Slow Food’s ARK of Taste

The ARK of Taste is a global effort to catalog endangered foods that are grown on small scale and threatened by industrial standardization. The ARK is committed to admitting only the best tasting foods onto their lists, and believe that consumer demand is crucial to their conservation. By raising awareness of rare varieties, there is a better chance that the public will respond by seeking them out. The Hidatsa Shield Figure bean from the Hidatsa Tribe, pictured below, is listed on the ARK for the USA.

Here are a few images of beautiful heirloom varieties that I’m growing this summer in my own suburban garden:

Yugoslavian Red Butterhead Lettuce

I love simple lettuce salads, so I was excited to discover this one:

Yugoslavian Red Butterhead

“An old heirloom from a peasant family in Marburg, Yugoslavia.”

Hidatsa Shield Figure, a Native American heirloom

Heirloom beans are a special interest of mine, and this year I’m growing several. One of the most interesting is the:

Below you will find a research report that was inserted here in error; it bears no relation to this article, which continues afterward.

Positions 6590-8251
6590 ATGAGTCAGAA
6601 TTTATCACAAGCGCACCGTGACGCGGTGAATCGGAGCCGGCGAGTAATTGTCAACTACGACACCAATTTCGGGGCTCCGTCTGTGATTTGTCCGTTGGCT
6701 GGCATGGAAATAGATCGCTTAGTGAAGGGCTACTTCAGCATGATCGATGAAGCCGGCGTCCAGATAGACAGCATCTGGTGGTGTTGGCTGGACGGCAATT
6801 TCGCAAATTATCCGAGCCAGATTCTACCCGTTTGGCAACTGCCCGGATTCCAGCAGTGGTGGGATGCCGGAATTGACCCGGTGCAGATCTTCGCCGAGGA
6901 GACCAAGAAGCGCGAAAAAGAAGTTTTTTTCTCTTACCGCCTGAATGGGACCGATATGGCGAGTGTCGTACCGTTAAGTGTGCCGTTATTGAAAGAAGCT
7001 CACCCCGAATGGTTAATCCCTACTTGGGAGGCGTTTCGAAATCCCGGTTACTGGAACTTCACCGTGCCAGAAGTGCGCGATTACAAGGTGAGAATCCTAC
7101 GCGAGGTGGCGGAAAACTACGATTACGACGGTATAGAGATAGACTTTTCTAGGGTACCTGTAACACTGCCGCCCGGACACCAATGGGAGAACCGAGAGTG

Hidatsa Shield Figure Bean

“From the Hidatsa tribe who raised corn, squash, beans, and sunflowers in the Missouri River Valley of North Dakota. Shield Figure beans are described in Buffalo Bird Woman’s Garden (1987). This very productive variety was boarded onto Slow Food USA’s Ark of Taste in 2005.”

Stella Blue Hokkaido winter squash

This is a gorgeous Asian winter squash; I grew it for the first time last year and I love everything about it:

Stella Blue Hokkaido

“An exceptional winter squash. Sweet, richly flavored, fiberless flesh is delicious, dry, and almost flaky. Medium-sized, round, slightly flattened, blue fruits store well.”

Violet and purple artichokes from Italy are lovely and more tender than green globe artichokes:

Violetto, an Italian Artichoke

Violetto Artichoke

“From the north of Italy we bring you the artichoke of aristocrats, Violetto. This violet-bracted ‘choke has small, oval, slightly elongated flower heads that measure 3 inches wide by 5 inches long.”

The shared histories of people and plants have been woven together over thousands of years, and as a result edible plants are a critical feature of every culture. We can do our part to honor, preserve, and protect this beautiful partnership.

Photos: Urban Artichoke